If we could not get underway, the entire rest of the crossing would be cancelled and we’d be screwed. The advisor and line handlers would be picked up by a pilot boat, probably at no small expense. Exit would have to be towed out, probably at no small expense. And we wouldn’t be towed the remaining thirty miles to the Pacific side of the Canal; it would be the shorter route back to Colon, right where we started. There could be fines imposed for our infractions. We’d have to start the whole transit process over. Certainly another two grand. Not to mention, back in the marina… again. Sorting another repair.
A total calamity.
After about ten minutes, I still couldn’t find anything out of sorts anywhere on the engine. The temperature gauge was reading hot by about twenty degrees Fahrenheit and the expansion tank for the coolant was full but that was it. Nothing at all that I could see would be triggering an oil pressure alarm. I had also noticed that, even after we restarted the engine and motored for the short period, there were no noises coming from the engine that would hint at any lubrication problems. Nothing at all.
Even with my limited diesel mechanic experience, I felt certain the alarm had been sounding long enough that, had there truly been no oil pressure, I would have noticed some kind of change in sound with the engine running. I couldn’t be sure, but it started to feel more like a sensor issue to me, possibly triggered by the higher operating temperature.
If we stopped here and it turned out only to be a bad sensor, it will have cost us thousands of dollars. If I was wrong and we kept going, the engine would burn up and eventually seize completely, end of story. Add at least ten thousand dollars more onto the previous equation.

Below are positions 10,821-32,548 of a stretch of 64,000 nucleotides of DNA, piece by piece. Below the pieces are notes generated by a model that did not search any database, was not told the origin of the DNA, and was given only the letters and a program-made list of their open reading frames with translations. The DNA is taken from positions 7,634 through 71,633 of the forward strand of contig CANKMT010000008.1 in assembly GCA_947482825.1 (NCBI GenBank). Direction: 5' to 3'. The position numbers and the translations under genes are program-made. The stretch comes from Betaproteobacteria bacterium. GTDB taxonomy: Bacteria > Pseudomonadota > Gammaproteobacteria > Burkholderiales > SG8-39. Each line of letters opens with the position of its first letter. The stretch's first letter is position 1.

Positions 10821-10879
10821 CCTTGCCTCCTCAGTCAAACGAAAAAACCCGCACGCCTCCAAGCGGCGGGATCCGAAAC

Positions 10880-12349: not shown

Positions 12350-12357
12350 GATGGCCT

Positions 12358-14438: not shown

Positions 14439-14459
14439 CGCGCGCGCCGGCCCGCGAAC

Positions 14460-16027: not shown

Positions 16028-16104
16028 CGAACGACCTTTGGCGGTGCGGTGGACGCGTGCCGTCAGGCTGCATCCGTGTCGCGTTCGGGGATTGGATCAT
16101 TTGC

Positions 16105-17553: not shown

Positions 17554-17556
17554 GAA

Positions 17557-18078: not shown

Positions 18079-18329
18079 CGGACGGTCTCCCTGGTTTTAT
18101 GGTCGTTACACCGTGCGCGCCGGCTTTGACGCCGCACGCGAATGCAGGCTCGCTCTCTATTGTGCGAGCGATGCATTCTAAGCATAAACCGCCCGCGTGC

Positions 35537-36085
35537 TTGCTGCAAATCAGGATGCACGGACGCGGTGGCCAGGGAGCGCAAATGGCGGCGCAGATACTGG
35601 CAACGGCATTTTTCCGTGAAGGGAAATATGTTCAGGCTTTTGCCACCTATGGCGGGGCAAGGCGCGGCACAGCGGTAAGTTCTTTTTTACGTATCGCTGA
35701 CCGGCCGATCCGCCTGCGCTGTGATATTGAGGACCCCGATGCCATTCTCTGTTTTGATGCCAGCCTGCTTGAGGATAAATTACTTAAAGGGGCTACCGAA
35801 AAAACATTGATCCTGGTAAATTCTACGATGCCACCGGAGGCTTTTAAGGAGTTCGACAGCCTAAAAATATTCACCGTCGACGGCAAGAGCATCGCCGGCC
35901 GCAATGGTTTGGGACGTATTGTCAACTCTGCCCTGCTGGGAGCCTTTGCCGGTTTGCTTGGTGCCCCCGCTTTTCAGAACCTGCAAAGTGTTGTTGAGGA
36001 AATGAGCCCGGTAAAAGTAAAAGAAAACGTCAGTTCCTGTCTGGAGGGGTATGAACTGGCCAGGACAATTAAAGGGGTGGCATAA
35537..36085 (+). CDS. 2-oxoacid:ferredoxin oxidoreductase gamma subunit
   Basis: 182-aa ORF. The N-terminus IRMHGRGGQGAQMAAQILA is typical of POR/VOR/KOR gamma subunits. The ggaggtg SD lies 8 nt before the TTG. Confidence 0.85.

Victor heard me out and then politely reminded me of the distinction in title between “Captain”versus “Advisor”.
Your boat, your decision.
I took a deep breath, clenched my teeth, turned the key and pushed the start button. The Perkins fired right up.
The oil pressure buzzer was silent.
The oil pressure light remained off.
The temperature gauge indicated a drop of ten degrees.
I monitored the engine for a few minutes more and nothing changed. The temperature was returning to normal. Everything was running just fine. Five more minutes and I started to feel more confident.
We untied from the marker buoy, and started moving again. Towards the Pacific.
Ten minutes later it was as though the alarm had never triggered at all. We maintained five knots while running the engine at no higher than two thousand rpms, just to be sure. During the rest of our transit, thankfully the Perkins ran perfectly.
This was now our second near emergency barely avoided in Gatun Lake in only twenty four hours… holy shit.
As we continued our forward progress and persisting thoughts of recurring Perkins problems slowly drifted further and further into the back recesses of my mind, the expanse of Gatun Lake gradually gave way to scattered mangrove islets which slowly closed in around us. Eventually the network of mangroves surrounding the channel gave way to more solid land. The green and red marker buoys, which to this point had appeared to plot a rather arbitrary route through an open waterway with a fairly consistent thousand foot width, now bottlenecked into a channel only five hundred to seven hundred feet wide.